But as time has gone on, I’ve realized that war has mostly been in my head, and whatever battles were left were mostly being waged by one person: me. How many people, I’ve wondered as I’ve passed dozens of “People’s Flags” near the UWM campus, know its backstory? How many people, I’ve wondered as I’ve driven past the umpteenth Bay View restaurant flying the flag, care about its backstory? The folks behind the “People’s Flag” were right about one thing: you almost never saw/see the official Milwaukee flag (though one flies at UWM, coincidentally). Isn’t it enough that a new generation of Milwaukeeans finally have a symbol of their city pride? And that they’re not afraid to show it? Get the fuck over yourself, old man.

And there’s that, too. I turned 40 last year, and the fear of finding myself old and obsolete, griping about those darn kids and their hula hoops or whatever, is very real. Sure, I can lay out a convincing and impassioned case against the “People’s Flag” that has nothing to do with “It’s new so I hate it!” but maybe that impulse is still buried in there somewhere. Maybe it’s better to look around, admit defeat, realize the children are not wrong, and simply say “yes” to the new. Or at least “okay, fine, you win.” Act your old age, relax, this won’t hurt. Get busy accepting a “People’s Flag” that may have come from a cynical and marketing-driven place but has since come to symbolize the hope and future of an evolving 21st century city, or get busy dying.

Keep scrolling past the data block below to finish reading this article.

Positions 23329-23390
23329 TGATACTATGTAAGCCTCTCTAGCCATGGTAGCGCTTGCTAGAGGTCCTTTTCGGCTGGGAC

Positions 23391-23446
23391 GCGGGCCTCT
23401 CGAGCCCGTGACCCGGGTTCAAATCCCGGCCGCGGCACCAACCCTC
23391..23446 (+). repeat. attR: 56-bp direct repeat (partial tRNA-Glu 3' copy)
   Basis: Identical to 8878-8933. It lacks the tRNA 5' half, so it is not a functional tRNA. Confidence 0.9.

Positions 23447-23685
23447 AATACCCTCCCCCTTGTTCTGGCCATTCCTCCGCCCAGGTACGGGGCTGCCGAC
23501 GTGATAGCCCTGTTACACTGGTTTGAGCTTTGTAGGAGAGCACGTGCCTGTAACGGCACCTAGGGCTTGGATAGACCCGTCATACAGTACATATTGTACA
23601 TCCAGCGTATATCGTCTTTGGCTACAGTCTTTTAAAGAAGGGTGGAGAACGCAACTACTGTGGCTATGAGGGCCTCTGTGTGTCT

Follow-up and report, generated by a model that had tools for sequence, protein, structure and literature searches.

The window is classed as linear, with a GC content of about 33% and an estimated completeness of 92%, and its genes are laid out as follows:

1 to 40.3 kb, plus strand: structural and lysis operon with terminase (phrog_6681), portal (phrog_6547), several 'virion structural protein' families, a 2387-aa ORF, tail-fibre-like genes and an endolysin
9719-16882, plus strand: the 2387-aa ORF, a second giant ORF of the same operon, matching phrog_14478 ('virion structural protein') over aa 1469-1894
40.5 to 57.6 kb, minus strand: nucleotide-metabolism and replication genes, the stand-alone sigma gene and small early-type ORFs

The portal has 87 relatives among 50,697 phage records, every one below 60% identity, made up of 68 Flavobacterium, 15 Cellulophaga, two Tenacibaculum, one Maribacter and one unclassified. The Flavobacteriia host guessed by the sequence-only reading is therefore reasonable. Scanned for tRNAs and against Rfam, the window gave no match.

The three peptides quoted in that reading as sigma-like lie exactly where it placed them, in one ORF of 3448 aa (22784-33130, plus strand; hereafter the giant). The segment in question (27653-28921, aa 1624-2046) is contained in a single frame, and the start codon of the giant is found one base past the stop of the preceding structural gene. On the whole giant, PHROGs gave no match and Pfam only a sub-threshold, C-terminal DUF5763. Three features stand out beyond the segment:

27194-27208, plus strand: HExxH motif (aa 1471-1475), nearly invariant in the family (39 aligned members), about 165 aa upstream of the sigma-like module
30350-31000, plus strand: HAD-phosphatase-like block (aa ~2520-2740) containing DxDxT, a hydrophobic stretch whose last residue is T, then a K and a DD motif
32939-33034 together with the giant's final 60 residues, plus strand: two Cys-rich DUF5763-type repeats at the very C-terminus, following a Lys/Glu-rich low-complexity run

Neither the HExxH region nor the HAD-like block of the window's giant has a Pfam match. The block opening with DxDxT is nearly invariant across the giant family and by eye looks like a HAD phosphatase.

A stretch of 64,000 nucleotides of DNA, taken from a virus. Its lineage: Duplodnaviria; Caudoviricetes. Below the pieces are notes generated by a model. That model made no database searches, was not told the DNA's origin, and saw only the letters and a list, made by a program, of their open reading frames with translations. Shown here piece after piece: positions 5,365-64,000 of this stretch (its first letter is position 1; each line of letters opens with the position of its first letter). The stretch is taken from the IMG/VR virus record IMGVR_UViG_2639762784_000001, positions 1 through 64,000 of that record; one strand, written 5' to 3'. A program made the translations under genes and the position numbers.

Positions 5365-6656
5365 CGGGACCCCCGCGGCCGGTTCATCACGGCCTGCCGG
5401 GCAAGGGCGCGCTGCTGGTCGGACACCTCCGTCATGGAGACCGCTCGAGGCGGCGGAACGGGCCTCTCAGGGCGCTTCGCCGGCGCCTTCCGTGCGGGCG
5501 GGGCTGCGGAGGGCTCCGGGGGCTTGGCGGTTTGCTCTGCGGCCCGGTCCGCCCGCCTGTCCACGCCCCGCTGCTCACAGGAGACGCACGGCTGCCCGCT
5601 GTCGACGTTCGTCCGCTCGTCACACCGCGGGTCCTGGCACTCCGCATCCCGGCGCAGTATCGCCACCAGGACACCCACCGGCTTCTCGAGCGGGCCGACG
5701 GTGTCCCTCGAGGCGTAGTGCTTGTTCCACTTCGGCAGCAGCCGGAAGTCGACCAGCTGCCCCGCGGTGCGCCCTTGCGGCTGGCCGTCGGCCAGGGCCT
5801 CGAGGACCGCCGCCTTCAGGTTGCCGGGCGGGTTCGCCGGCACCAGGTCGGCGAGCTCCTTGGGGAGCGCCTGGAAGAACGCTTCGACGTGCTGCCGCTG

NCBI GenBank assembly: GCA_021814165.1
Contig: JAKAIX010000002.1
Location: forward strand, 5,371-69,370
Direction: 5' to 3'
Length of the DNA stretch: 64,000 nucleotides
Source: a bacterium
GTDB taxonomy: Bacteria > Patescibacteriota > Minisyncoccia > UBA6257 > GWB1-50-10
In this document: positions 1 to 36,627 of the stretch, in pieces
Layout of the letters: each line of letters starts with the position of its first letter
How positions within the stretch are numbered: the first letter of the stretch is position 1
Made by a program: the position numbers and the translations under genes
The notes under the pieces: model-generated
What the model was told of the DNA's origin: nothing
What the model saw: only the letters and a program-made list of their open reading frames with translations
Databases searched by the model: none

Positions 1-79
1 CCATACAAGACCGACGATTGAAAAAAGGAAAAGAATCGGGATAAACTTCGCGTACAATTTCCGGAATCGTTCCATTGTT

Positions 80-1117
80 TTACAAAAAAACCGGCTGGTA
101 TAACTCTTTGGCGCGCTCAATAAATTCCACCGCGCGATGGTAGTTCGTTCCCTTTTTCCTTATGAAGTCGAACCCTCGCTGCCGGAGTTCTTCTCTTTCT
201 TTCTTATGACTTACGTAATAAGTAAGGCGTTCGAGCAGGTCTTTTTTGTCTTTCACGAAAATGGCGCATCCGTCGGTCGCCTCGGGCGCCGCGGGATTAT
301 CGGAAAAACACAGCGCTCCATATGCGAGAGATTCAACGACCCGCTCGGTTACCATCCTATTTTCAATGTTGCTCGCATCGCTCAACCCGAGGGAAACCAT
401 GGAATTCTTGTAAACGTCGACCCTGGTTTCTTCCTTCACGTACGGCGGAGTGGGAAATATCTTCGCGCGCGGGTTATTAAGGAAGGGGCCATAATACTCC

A few months ago, someone posted a photo of downtown, as seen from the harbor, to the Milwaukee subreddit. “She’s gorgeous in the winter, too,” read the caption. Those words struck me. Could you possibly imagine someone saying that about Milwaukee 30, 20, or even 10 years ago? Calling this city “gorgeous”? Calling it “she”? When I washed up on these shores in 1996, Milwaukee was primarily known as the blue-collar, down-and-out, beat-up home of a serial killer. How unlikely that now, amidst unprecedented change and development, new and new-ish residents were waxing poetic about its beauty? Clearly, something has changed.

And if the “People’s Flag” has come to represent that change, if it has transcended its questionable origins as a resume- and money-making marketing exercise, who am I to piss and moan about it? Am I throwing in the critical towel because I don’t want to be seen as foolish and out of touch? I don’t think so. My pissings and moanings about the flag still stand—I’m just admitting that they’ve become increasingly irrelevant. Am I burying my head in the sand, like that guy who has completely ignored the news since Trump was elected? I don’t think so. (LOL at all the shit that guy and the guy who wrote the article have received, by the way.) I’m simply moving on.

Now, am I going to buy a “People’s Flag,” and maybe pick up a “People’s Flag” beach towel (available now for $38.99)? Not a chance. But I’ll no longer begrudge anyone who does. Instead, I’ll take the message of the “People’s Flag” to heart. “The sun rising over Lake Michigan symbolizes a new day,” says the flag’s creators. It’s a simple, three-color reminder to do my part to make that new day a good one.